Date of Award
Doctor of Philosophy (PhD)
Physics and Astronomy
Quantum dots exhibit strongly size-dependent optical and electrical properties. The ability to join the dots into complex assemblies creates many opportunities for scientific discovery. This motivated our present research work on QDIPs, DWELLs, and graphene like QDs. The intention of this research was to study the size dependent achievements of QDIPs, DWELLs, and graphene like QDs with those of competitive technologies, with the emphasis on the material properties, device structure, and their impact on the device performance.
In this dissertation four research studies pertaining to optical properties of quantum dot and dot-in-a-well infrared photodetectors, I-V characteristics of graphene quantum dots, and energy and spin texture of germanene quantum dots are presented. Improving self-assembled QD is a key issue in the increasing the absorption and improving the performance. In the present research work, an ideal self-assembled QD structure is analyzed theoretically with twenty-hole levels (Intraband optical transitions within the valence band) and twenty-electron energy levels (DWELL). Continuing the efforts to study self-assembled QDs we extended our work to graphene like quantum dots (graphene and germanene) to study the electronic transport properties.
We study numerically the intraband optical transitions within the valence band of InxGa1-xAs/GaAs pyramidal quantum dots. We analyze the possibility of tuning of corresponding absorption spectra by varying the size and composition of the dots. Both ‘x ’ and the size of the quantum dot base are varied. We have found that the absorption spectra of such quantum dots are more sensitive to the in-plane incident light.
We present numerically obtained absorption optical spectra of n-doped InAs/In0.15Ga0.85As/GaAs quantum dot-in-a-well systems. The absorption spectra are mainly determined by the size of the quantum dot and have weak dependence on the thickness of the quantum well and position of the dot in a well. The dot-in-a-well system is sensitive to both in-plane and out-of-plane polarizations of the incident light with much stronger absorption intensities for the in-plane-polarized light.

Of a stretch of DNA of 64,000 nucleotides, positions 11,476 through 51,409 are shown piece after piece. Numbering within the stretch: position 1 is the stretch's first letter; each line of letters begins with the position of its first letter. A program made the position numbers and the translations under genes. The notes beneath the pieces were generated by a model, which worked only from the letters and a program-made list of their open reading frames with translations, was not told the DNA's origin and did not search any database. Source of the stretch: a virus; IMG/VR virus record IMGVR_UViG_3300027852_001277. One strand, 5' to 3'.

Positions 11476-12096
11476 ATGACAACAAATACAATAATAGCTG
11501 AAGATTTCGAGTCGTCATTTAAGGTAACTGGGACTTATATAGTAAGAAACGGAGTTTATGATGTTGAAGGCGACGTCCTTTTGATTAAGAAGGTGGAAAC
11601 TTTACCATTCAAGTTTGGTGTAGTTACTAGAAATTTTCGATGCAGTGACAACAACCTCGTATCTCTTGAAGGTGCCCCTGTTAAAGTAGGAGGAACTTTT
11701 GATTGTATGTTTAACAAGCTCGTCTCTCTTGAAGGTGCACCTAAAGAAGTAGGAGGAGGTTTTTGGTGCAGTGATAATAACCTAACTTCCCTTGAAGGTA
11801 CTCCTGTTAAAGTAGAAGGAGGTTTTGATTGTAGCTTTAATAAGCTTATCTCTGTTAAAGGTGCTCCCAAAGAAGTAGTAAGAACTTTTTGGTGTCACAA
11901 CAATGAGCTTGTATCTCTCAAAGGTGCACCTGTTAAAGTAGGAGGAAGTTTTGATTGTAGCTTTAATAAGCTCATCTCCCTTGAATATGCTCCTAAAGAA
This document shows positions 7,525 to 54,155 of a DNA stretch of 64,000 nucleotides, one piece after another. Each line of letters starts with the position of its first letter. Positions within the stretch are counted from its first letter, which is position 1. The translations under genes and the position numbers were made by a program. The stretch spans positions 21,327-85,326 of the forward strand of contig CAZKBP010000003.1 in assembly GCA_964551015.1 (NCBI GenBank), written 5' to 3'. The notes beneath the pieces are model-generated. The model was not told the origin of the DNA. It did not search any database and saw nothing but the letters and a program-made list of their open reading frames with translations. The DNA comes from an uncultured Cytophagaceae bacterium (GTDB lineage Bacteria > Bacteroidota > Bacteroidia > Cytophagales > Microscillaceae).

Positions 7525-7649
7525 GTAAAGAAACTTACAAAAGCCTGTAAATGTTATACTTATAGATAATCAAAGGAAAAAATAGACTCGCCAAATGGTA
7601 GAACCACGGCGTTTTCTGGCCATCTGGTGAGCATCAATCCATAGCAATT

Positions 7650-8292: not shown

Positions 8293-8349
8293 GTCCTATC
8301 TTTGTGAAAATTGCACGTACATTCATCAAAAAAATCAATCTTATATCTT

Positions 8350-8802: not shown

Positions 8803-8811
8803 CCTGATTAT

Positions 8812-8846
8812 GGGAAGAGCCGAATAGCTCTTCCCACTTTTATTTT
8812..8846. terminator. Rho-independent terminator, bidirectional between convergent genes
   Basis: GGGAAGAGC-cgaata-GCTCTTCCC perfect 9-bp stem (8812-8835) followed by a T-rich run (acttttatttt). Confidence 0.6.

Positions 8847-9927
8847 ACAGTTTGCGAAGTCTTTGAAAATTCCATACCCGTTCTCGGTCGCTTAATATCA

We also present theoretically obtained I-V characteristics of graphene quantum dots, which are realized as a small piece of monolayer graphene. We describe graphene within the nearest-neighbor tight-binding model. The current versus the bias voltage has typical step-like shape, which is due to discrete energy spectrum of the quantum dot. The current through the dot system also depends on the position of the electrodes relative to the quantum dot.
In relation to graphene quantum dots, we present our study of buckled graphene-like materials, like germanene and silicene. We consider theoretically germanene quantum dot, consisting of 13, 27, and 35 germanium atoms. Due to strong spin-orbit interaction and buckled structure of the germanene layer, the direction of the spin of an electron in the quantum dot depends on both the electron energy and external perpendicular electric field. With variation of energy, the direction of spin changes by approximately 4.50. Application of external electric field results in rotation of electron spin by approximately 0.50, where the direction of rotation depends on the electron energy.
Chaganti, Venkata, "Optical and Transport Properties of Quantum Dots in Dot-In-A-Well Systems and Graphene-Like Materials." Dissertation, Georgia State University, 2015.